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Chapter 12 - American Literature

from Part III - Cultural Contexts

Published online by Cambridge University Press:  21 April 2021

Sean Latham
Affiliation:
University of Tulsa
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Summary

When Bob Dylan won the Nobel Prize in Literature in 2016, the rehearsal of familiar axioms about the relationship between so-called “high literature” and popular song followed. As the Nation writer David Hajdu put it just after the world’s most prestigious literary prize was handed to a rock icon, “the old categories of high and low art, they’ve been collapsing for a long time, but this is it being made official.”1 If the 2016 Nobel established that Dylan’s songs qualify as “high” art, what is their status as American literature in particular? In his Nobel Lecture in 2017, Dylan points to Moby Dick as an influence. Are Dylan’s songs therefore to be admitted to the canon of American authors that includes the likes of Herman Melville? In the same speech, he also acknowledges that he has drawn on sources that fall outside the bounds of American literature – including the poetry of John Donne, Homer’s The Odyssey, and Erich Maria Remarque’s All Quiet on the Western Front.2 So what should we make of Dylan’s mention of Melville’s tome? If Dylan’s songs are a species of “literature,” how, given his myriad literary influences, can they be understood as American literature? What he admires about Melville, he explains, is the author’s ability to create an aesthetic with “everything thrown in,” so it hardly makes sense to put too fine of a point on Dylan’s relation to any single author. Given his kitchen-sink approach to literary influence, why should we consider Bob Dylan’s work in relation to American literature at all?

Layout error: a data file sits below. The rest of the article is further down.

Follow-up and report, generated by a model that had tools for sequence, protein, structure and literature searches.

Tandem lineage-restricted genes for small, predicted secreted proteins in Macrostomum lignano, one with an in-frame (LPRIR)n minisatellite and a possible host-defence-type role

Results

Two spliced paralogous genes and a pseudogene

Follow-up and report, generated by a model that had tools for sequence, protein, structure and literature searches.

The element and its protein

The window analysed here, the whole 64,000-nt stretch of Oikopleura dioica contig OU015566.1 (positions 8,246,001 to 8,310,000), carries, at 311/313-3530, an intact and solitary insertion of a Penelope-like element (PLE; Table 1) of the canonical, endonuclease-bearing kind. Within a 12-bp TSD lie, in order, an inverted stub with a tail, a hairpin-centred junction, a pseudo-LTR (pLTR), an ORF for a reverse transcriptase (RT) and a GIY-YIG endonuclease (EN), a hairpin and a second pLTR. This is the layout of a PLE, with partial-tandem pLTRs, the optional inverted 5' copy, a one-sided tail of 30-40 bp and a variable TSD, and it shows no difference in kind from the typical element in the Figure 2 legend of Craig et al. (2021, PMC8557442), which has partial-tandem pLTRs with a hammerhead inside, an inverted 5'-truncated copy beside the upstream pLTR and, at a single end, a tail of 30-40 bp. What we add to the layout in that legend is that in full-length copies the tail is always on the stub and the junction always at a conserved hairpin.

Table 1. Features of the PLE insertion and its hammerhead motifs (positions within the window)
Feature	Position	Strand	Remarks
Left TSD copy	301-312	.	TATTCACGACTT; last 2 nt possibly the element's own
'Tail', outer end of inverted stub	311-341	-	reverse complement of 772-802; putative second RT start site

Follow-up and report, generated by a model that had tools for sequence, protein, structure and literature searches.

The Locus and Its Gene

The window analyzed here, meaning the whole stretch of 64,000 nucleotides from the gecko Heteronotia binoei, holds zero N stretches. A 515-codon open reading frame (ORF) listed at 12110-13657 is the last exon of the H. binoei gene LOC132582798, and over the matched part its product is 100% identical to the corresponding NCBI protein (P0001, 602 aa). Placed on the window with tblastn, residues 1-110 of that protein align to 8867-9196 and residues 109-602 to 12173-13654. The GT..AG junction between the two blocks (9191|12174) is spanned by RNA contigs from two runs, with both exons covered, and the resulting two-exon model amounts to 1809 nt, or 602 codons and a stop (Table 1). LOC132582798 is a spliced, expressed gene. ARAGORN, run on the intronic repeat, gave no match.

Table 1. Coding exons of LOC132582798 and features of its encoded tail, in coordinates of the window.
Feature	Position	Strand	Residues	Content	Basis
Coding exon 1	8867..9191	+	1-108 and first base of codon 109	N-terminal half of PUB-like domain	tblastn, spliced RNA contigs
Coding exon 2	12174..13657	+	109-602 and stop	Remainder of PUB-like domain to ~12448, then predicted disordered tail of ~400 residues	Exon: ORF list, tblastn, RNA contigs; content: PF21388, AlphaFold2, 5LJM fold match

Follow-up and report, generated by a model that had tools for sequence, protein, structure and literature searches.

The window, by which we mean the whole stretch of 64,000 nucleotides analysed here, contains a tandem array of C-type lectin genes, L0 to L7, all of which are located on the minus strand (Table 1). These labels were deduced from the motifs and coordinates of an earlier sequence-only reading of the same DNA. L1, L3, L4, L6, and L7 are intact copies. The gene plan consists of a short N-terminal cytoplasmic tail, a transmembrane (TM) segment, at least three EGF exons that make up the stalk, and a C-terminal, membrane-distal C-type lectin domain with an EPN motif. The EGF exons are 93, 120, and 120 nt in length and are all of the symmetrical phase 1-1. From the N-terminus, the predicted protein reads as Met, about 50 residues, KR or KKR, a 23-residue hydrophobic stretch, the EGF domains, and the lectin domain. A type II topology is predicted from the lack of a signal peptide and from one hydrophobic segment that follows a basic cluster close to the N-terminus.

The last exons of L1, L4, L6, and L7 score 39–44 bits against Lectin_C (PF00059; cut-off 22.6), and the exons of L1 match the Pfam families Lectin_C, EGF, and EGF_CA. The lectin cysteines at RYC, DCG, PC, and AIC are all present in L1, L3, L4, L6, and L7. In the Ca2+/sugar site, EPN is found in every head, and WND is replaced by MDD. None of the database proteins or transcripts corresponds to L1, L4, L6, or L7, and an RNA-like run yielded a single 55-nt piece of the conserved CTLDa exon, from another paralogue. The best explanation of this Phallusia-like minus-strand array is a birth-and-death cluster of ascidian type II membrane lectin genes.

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Publisher: Cambridge University Press
Print publication year: 2021

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